43 Coney Street,
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Previously operated by: Gaumont-British-Picture Corp., Ltd., Provincial Cinematograph Theatres Ltd., Rank Organisation
Architects: Albert Winspear
Firms: Naylor & Sale
The building on Coney Street was originally built in the Victorian era as a Doctor’s home and surgery. The ground floor was eventually made into a grocer’s shop. In 1914, work began to build the auditorium of the Picture House in the garden at the rear of the premises. The former grocer’s shop became the entrance and foyer, and the upstairs rooms were converted into a Wedgewood Tea Room and an Oak Lounge Cafe.
The Picture House was opened on 12th April 1915 with “When East Meets West”. Designed by PCT’s ‘in-house’ architect Naylor & Sale, the auditorium had a barrel vaulted ceiling. The Picture House was taken over by the Provincial Cinematograph Theatres(PCT) chain in 1919. PCT were taken over by the Gaumont British Theatres chain in February 1929.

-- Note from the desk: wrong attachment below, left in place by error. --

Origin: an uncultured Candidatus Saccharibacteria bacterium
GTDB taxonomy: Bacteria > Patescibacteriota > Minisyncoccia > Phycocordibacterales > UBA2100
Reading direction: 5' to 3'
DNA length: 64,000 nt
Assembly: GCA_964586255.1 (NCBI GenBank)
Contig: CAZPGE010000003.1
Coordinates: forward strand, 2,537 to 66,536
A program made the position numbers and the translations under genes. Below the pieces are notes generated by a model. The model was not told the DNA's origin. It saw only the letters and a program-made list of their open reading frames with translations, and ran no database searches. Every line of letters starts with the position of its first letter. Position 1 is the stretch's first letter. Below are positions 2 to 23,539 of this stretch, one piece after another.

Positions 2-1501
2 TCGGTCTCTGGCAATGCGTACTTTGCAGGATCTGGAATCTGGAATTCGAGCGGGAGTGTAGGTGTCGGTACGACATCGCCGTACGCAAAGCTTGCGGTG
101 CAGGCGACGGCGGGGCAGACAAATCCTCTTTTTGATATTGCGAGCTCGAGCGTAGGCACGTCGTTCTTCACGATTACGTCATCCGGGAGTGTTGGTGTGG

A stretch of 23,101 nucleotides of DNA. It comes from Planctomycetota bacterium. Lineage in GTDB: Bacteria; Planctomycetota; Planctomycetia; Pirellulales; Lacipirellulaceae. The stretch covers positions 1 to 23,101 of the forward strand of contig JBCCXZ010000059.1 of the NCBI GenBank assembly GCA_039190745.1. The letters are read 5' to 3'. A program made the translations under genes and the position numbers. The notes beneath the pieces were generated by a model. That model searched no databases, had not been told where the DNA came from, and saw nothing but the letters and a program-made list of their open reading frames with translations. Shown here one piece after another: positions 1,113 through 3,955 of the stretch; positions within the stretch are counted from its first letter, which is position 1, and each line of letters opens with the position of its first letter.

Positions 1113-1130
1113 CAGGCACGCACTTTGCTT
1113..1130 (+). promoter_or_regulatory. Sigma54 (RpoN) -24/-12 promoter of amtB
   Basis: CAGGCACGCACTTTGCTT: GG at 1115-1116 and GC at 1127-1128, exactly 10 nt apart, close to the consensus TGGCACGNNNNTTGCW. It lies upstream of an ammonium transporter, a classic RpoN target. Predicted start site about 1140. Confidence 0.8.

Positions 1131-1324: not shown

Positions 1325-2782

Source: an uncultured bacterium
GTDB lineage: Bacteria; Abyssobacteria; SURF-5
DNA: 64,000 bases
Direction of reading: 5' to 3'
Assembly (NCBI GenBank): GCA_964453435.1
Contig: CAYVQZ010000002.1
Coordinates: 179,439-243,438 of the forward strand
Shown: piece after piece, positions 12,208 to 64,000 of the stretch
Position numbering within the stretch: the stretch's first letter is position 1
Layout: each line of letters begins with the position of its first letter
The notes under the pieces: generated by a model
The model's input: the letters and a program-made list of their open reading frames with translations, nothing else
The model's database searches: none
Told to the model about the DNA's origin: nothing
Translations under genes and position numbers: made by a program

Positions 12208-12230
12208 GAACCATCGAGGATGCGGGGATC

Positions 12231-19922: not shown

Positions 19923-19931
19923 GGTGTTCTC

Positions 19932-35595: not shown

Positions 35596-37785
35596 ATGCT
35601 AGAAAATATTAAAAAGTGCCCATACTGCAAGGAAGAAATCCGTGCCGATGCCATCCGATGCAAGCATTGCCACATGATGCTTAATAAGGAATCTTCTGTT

The Picture House was closed by Circuit Management Association(the Rank Organisation) on 16th March 1955 with Stanley Baker in “Prize of Gold”. The building was demolished and the adjacent Woolworth’s store expanded onto the site. Since the demise of Woolworth’s in 2008, the premises have been taken over by Boots Chemists.
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The Picture House an be partially seen in this photo taken sometime in the 1930’s, and a picture of soldiers marching into the theatre in 1937 can be seen here.